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I guess that's why they call it the blues. (From the Editor).

As if the herbal segment of the industry wasn't suffering enough, adding the recent news about St. John's Wort is enough to make me depressed.

A study sponsored by the National Center for Complementary and Alternative Medicine (NCCAM), which is part of the National Institutes of Health (NIH), was recently published in JAMA. The study set out to assess the efficacy of St. John's Wort in major depressive disorder and concluded that H. perforatum--the active component in St. John's Wort--was of no benefit to patients with moderately severe major depression. My reaction to this study was so what? St. John's Wort is not intended to treat severe forms of depression.

As I read the headlines of major newspapers following publication of the study, I recalled the famous words uttered by baseball great Yogi Berra, who said "it's like deja vu all over again." Wasn't it less than a year ago that similar findings were published in the same journal with virtually the same conclusions? Yes. In fact, it was exactly a year ago April that headlines such as "St. John's Wort Is Ineffective" graced the pages of several national newspapers.

It seems to me that we have not come very far in our battle against negative press. Are we fighting a losing battle or are these simply growing pains of an industry still in its infancy? To me this is depressing because after all the strides this industry has made to change its reputation, the "we just can't win" cliche still applies.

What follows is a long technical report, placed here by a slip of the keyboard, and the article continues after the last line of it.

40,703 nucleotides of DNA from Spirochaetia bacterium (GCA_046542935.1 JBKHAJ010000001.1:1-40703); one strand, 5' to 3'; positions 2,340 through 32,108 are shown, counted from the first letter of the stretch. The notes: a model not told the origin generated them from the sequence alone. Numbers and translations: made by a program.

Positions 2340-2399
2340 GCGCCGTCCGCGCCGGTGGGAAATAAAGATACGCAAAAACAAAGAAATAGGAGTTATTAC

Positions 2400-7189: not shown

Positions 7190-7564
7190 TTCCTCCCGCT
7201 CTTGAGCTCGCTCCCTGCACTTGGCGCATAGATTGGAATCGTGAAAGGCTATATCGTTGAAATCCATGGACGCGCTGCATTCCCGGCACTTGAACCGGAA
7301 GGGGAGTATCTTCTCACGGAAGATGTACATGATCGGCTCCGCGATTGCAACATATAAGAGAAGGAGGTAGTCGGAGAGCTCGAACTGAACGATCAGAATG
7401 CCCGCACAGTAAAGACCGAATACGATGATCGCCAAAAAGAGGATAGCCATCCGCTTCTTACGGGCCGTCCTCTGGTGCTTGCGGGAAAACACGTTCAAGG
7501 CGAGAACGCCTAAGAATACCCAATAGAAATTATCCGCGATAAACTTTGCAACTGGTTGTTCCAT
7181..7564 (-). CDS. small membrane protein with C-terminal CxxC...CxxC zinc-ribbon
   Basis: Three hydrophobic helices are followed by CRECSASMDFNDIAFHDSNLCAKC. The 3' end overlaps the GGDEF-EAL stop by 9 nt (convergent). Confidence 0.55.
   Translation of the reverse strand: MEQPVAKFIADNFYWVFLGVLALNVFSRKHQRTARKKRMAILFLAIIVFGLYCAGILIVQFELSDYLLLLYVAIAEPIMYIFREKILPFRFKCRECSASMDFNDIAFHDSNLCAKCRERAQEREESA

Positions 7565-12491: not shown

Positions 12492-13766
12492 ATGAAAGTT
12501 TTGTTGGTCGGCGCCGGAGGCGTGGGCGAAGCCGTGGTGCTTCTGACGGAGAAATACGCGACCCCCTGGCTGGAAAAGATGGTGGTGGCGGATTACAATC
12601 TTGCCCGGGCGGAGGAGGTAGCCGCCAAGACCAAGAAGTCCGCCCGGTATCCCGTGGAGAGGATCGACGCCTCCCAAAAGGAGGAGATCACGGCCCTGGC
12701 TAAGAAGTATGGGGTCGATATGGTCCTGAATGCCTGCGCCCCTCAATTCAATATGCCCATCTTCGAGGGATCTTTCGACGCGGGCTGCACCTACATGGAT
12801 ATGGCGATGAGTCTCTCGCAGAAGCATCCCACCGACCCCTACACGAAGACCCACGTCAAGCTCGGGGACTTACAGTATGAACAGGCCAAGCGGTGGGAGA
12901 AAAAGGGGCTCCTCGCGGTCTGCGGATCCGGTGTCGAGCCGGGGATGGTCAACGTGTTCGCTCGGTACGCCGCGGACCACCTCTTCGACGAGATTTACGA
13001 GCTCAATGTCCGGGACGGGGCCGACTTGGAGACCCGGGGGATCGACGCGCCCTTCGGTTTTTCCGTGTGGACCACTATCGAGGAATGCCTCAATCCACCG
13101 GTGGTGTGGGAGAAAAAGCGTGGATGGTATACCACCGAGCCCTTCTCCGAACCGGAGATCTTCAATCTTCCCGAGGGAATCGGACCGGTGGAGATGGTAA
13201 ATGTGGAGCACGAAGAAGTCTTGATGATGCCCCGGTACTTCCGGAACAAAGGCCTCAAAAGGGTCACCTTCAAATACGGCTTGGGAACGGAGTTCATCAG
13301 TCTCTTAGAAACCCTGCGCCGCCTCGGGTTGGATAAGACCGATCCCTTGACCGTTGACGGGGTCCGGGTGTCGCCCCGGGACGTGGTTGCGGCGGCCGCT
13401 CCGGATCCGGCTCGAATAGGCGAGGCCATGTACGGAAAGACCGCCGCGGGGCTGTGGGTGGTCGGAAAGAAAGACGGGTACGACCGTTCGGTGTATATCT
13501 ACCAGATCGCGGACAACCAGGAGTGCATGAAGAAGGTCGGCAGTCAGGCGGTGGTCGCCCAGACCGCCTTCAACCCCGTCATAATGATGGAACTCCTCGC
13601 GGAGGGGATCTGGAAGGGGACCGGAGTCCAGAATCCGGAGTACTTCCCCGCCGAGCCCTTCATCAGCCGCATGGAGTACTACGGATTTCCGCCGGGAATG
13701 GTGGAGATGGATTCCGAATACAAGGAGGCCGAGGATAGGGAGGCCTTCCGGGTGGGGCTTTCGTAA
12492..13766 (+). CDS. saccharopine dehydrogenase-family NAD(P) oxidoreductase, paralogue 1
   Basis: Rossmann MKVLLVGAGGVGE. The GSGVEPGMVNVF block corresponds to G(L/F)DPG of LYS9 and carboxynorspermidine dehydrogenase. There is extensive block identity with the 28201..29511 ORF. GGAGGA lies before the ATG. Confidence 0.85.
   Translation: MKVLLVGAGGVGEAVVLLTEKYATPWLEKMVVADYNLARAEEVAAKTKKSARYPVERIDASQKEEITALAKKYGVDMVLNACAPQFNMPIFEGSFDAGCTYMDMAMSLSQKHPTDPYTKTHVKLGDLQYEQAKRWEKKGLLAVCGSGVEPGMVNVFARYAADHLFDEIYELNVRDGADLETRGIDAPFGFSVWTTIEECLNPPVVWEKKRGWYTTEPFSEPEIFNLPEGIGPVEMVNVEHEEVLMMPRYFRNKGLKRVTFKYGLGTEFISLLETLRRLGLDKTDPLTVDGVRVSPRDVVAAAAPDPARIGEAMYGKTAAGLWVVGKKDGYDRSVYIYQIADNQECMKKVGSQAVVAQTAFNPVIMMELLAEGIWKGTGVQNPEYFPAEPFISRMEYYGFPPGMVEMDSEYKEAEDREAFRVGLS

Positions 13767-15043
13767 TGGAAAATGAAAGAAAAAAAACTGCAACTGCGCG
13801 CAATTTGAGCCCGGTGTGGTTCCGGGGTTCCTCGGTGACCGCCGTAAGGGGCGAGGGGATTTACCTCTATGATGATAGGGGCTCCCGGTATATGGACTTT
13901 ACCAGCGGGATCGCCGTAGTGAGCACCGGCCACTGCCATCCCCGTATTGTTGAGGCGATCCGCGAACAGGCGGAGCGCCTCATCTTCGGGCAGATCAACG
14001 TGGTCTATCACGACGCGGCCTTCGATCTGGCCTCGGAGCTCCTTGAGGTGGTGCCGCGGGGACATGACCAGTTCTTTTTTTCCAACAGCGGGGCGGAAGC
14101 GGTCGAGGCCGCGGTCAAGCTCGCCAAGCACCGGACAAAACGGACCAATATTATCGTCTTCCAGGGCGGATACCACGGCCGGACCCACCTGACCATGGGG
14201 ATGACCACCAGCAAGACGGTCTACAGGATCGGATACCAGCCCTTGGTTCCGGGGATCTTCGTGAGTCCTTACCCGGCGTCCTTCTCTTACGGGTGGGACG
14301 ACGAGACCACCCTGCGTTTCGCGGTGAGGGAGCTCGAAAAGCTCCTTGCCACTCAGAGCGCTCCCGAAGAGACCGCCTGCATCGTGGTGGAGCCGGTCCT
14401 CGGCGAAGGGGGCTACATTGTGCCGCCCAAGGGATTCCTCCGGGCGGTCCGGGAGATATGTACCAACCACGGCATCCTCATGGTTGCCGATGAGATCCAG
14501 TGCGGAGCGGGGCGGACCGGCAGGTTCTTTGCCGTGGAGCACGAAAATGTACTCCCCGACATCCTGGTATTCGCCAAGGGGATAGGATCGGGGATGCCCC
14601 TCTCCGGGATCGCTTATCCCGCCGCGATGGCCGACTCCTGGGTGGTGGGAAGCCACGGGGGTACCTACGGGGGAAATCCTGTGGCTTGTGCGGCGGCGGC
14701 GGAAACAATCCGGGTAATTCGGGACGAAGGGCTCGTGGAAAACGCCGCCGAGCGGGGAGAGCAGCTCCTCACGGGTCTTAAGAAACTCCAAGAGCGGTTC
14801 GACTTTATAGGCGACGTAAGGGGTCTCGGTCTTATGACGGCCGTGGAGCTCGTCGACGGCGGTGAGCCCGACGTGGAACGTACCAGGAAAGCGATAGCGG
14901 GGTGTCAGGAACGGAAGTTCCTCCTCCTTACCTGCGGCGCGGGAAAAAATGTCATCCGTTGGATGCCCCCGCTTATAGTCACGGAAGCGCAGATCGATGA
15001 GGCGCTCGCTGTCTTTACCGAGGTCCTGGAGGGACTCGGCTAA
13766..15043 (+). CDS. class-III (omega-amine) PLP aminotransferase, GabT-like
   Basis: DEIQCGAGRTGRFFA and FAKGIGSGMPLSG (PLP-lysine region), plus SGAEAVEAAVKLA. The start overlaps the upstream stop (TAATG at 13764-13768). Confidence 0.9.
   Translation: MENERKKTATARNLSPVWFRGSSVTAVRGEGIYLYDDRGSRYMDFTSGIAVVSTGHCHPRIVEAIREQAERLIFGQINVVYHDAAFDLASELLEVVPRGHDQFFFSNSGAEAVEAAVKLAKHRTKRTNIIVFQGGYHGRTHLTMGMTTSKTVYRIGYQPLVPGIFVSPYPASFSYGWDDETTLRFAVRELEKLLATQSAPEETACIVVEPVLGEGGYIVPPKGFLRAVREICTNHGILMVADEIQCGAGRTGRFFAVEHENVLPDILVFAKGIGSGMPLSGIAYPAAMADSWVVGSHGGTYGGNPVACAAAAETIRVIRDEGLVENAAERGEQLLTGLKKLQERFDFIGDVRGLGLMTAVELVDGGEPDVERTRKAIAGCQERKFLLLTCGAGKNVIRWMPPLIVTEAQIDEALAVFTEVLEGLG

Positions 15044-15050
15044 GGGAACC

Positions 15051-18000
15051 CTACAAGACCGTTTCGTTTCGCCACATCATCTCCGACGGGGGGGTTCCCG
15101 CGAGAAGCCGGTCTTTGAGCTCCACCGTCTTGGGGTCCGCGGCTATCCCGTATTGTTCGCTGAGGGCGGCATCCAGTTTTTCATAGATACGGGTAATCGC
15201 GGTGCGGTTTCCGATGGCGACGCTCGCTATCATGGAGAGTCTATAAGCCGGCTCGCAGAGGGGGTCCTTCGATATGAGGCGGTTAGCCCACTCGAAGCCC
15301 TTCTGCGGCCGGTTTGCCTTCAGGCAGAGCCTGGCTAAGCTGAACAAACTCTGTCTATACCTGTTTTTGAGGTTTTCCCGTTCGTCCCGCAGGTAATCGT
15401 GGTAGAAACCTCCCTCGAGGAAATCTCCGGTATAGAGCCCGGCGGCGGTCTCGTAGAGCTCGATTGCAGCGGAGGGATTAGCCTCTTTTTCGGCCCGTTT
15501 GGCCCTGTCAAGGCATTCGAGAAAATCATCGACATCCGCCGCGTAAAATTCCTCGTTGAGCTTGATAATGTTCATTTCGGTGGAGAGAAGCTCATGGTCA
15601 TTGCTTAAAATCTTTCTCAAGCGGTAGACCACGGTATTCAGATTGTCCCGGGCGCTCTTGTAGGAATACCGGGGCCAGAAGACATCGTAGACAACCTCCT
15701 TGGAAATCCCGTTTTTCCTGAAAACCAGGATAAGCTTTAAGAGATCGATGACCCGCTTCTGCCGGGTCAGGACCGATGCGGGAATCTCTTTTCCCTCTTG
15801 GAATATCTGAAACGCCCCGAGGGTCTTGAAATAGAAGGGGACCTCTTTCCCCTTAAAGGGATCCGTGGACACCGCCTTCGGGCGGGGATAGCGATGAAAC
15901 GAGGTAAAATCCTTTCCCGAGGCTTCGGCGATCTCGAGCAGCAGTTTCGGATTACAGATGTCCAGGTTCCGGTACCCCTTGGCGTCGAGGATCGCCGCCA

It is obvious that we have our work cut out for us as Jim Lassiter points out in this month's article on the possible repeal of DSHEA. In order to avoid this he suggested that the industry work to change those things not in line with the promise of DSHEA and clean our own house before there comes a set of laws that make this work impossible. Take a look at his article on page 102 in which he poses the question, "It's Not Broken But Should It Be Fixed?" He takes an interesting look at the forces outside the industry who are counted in opposition and poised to strike at anytime. His solution is very simple--be prepared.

On a lighter note, women are becoming the focus of many nutraceuticals companies as they work tirelessly to tailor products for women's needs. This segment has been exhibiting explosive growth and shows no signs of slowing down. Our women's health article this month, which can be found on page 36, goes into great detail about the arsenal of nutraceuticals that can aid women throughout their lifecycle.

As always, I welcome your thoughts and comments.
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Publication:Nutraceuticals World
Date:May 1, 2002
Words:444
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